Coherence of spin qubits in silicon

A. M. Tyryshkin, J. J.L. Morton, S. C. Benjamin, A. Ardavan, G. A.D. Briggs, J. W. Ager, S. A. Lyon

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114 Scopus citations


Given the effectiveness of semiconductor devices for classical computation one is naturally led to consider semiconductor systems for solid state quantum information processing. Semiconductors are particularly suitable where local control of electric fields and charge transport are required. Conventional semiconductor electronics is built upon these capabilities and has demonstrated scaling to large complicated arrays of interconnected devices. However, the requirements for a quantum computer are very different from those for classical computation, and it is not immediately obvious how best to build one in a semiconductor. One possible approach is to use spins as qubits: of nuclei, of electrons, or both in combination. Long qubit coherence times are a prerequisite for quantum computing, and in this paper we will discuss measurements of spin coherence in silicon. The results are encouraging - both electrons bound to donors and the donor nuclei exhibit low decoherence under the right circumstances. Doped silicon thus appears to pass the first test on the road to a quantum computer.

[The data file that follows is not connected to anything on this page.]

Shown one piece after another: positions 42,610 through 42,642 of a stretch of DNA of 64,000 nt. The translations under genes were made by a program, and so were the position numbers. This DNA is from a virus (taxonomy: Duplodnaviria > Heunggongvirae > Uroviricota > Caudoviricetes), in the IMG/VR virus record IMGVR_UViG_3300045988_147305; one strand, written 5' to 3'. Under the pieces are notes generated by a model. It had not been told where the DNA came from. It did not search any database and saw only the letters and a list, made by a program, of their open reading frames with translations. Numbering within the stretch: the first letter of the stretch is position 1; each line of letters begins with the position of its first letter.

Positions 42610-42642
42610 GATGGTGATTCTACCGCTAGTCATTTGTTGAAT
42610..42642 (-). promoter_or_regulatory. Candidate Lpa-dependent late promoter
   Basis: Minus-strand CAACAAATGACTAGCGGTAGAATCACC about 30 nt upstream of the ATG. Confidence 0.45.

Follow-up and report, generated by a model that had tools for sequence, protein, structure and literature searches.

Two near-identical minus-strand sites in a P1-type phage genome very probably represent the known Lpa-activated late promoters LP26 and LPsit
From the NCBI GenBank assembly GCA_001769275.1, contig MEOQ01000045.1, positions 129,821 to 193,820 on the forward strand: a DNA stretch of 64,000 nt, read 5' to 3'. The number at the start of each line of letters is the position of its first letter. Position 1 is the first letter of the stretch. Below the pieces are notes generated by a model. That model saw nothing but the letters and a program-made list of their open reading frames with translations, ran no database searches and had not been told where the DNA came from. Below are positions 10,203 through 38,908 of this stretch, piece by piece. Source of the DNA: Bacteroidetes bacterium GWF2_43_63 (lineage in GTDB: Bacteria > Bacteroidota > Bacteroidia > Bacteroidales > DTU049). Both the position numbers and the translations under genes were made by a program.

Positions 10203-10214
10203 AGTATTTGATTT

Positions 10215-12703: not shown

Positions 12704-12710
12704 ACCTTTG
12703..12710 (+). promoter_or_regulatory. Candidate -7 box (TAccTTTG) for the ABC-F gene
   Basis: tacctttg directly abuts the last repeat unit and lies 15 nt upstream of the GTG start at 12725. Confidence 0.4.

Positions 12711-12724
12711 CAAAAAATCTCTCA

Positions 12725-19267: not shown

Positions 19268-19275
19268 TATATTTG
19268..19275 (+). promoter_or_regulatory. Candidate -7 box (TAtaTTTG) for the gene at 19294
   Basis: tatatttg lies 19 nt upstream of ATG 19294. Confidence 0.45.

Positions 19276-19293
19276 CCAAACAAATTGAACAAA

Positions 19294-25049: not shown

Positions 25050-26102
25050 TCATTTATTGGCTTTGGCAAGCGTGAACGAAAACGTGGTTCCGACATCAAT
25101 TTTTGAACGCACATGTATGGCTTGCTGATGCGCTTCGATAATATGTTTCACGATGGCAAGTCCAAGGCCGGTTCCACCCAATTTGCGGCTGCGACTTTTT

Original languageEnglish (US)
Article numberS06
Pages (from-to)S783-S794
JournalJournal of Physics Condensed Matter
Issue number21
StatePublished - May 31 2006

All Science Journal Classification (ASJC) codes

  • General Materials Science
  • Condensed Matter Physics


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